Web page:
The Way of the World as a Comedy of Manners | William Congreve

Comedy of manners refers to the kind of comedies that seized the theatre in England during the Restoration Period. A comedy of manners aims to depict the aristocratic or upper-class society at the same time also revealing what lies underneath the surface.

It portrays the way in which they attempt to describe themselves as the embodiment of morality and goodness. Meanwhile, in secret, the disorder develops extending from immortality to falsehood, treachery, infidelity, and depravity. William Congreve’s “The Way of the World” is the most appropriate example of comedy of manners. Congreve’s play incorporates nearly all the characteristics of a comedy of manners including wit, humor, love, treacherous persons and romantic dialogues, etc. 

Truthful representation of contemporary society

The play “The Way of the World” truthfully offers us details about how the aristocratic society of England was entangled in their way of life; how women of that time were mad about style and romantic relationships. Act one of the play starts at the Chocolate House where aristocrats turn up to enjoy. In the same way, Act two of the play starts in St. James Park. This is a common place where people used to come to talk and meet each other. Act Three of the play takes place in Lady Wishfort’s home toilet. In this scene, Lady Wishfort talks to another character Peg about important matters from inside her toilet. It certainly reveals how aristocratic people of that time dealt with the serious things in life. In Act Four of the play, Lady Wishfort and Foible talk about the arrival of Sir Roland. Lady Wishfort instructs Foible to organize everything and she also requests for a dancer and musician so that Mr. Roland can be well entertained. It is the pretentious nature of the aristocratic people of the Restoration period. Considering Lady Wishfort is very much anxious about how to influence men in his first meeting, she is busy in the whole play about things like how to walk, how to talk and how to sit, etc. All these incidents distinctly reveal how people used to focus more on their manners and looks during the Restoration Period.

Read More: Proviso Scene in “The Way of the World”

Love and Marriage:

The Restoration Period was a time when England came out as colonial power all over the world. During this time England reached its peak materially and commercially. The people of this time stressed more on pleasure, wealth, and physical gratification. Love and marriage were assessed with regard to wealth. Marriage, at that time, was not meant for reproduction or for bringing solidity to the community. It was identified as a money-making venture. For example, in “The Way of the World” Mirabell pretends to love Lady Wishfort so as to he can come nearer to Millamant. Mirabell is eying her property. Mr. Fainall, on the other hand, does the same. It is not because of love and affection that Mr. Fainall marries Mrs. Fainall but because Mr. Fainall’s eyes are on Lady Wishfort’s possessions. So love and marriage are governed by a yearning for wealth.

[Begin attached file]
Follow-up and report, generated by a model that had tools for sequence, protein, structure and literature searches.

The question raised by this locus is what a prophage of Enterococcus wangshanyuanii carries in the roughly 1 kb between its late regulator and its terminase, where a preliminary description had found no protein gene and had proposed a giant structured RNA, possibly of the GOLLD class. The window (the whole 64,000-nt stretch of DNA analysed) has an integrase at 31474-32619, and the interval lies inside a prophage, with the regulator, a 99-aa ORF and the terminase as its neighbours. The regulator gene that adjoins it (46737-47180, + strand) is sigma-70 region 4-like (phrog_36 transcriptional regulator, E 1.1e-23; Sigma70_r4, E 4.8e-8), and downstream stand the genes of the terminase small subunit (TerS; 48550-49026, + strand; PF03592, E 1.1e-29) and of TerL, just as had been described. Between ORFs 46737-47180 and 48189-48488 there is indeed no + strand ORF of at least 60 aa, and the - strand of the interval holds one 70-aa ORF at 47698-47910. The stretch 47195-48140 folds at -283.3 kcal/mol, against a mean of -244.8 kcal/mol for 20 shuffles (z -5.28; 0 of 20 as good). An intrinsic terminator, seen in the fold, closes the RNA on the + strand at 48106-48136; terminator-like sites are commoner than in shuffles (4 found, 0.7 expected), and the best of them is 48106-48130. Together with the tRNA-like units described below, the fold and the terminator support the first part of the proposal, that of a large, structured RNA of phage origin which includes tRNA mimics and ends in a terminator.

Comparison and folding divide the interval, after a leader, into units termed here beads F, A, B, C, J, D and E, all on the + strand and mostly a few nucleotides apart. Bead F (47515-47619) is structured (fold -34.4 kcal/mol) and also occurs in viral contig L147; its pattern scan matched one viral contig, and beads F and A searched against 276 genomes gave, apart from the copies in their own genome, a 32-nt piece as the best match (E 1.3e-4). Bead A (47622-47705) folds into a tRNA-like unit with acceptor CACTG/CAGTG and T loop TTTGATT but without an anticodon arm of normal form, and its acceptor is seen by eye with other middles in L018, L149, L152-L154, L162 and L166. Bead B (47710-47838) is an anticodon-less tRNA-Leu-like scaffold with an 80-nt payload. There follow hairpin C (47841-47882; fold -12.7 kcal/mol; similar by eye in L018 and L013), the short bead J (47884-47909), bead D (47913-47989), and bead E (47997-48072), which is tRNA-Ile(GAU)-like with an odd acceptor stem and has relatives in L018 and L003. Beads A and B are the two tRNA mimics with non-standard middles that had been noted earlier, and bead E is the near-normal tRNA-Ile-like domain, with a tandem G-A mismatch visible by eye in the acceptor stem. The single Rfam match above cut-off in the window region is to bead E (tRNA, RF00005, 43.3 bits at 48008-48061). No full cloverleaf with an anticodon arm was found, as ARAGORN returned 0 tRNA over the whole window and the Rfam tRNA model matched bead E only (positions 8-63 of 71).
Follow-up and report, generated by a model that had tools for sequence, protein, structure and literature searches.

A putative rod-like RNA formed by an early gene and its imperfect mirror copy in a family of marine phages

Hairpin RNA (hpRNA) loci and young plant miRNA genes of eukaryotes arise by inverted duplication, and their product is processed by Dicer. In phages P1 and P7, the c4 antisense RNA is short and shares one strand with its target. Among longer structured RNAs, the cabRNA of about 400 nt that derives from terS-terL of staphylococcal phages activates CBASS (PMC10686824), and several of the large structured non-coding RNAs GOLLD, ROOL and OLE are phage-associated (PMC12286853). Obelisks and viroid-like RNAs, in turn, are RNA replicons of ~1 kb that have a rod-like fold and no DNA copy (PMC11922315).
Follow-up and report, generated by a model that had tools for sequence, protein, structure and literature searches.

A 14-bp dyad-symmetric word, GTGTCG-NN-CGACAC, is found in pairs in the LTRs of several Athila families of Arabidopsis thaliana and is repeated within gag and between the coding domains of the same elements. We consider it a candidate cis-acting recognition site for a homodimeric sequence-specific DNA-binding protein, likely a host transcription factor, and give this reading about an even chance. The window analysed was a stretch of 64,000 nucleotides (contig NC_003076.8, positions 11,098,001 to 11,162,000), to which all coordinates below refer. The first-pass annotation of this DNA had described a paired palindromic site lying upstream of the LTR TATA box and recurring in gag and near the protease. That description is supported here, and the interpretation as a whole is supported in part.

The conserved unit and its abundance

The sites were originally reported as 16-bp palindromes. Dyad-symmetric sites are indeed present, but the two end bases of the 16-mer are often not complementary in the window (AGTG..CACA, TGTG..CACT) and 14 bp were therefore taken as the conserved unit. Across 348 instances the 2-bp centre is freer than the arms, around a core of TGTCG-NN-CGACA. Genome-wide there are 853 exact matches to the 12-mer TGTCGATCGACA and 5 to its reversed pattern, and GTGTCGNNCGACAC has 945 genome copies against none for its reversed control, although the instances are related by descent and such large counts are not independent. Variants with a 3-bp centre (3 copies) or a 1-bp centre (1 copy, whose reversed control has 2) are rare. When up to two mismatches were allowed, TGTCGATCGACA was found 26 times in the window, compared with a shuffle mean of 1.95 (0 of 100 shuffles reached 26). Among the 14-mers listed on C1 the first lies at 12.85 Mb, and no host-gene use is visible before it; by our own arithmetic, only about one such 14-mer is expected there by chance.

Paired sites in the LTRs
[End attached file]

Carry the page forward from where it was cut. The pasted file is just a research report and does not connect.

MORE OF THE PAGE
Read More: The Rape of the Lock as a Mock Heroic poem

Illicit love affairs and intrigues in the comedy of manners

We can see illicit and extramarital love affairs and intrigues in a comedy of manners. In the play “The Way of the World” it appears that male characters are running after female characters. For example, Mirabell, Fainall, Witwoud, Petulant all look deceitful, two-faced, and unfaithful. In this play, most of the characters take part in conspiracies and cheats others. For example, when the play starts, we get to know that Mirabell is pretending to love Lady Wishfort so that he can come nearer to Millamant, the only inheritor of the property. In the same way, Mr. Fainall also keeps an eye on Millamant’s property. So we can see that in the comedy of manners characters give false pictures of themselves and they give their all to be what they are not. To take on a false and deceptive appearance is ‘the way of the world’. So, the title itself speaks the manner and behavior of the upper-class society of the Restoration period. 

Read More: Milton’s Grand Style in Paradise Lost

Use of Wit in comedy in manners

The use of wit is another important characteristic of comedy of manners. The use of wit means using language in a very clever way by using intelligence. Repartee means when two or more characters communicate using these witty dialogues. The proviso scene of Mirabell and Millamant is an example of a repartee. Talking about examples of wit, there are numerous occasions in the play where characters use their wit. One such example is when Mirabell is talking to Mrs. Fainall, he wittily comments on 18th-century marriage: “You should have just so much disgust for your husband as may be sufficient to make you relish your lover”. (The Way of the World, William Congreve)


In the end, we can say that the entire play is concerned with the matters of legacy conflict, disloyalty, love, and marriage. As the story develops we can see the characters disclose themselves through their behavior, which creates laughter. Through this play, Congreve mocks and satirizes the manners of the upper-class society of that time and hence “The Way of the World” is a typical comedy of manners. 

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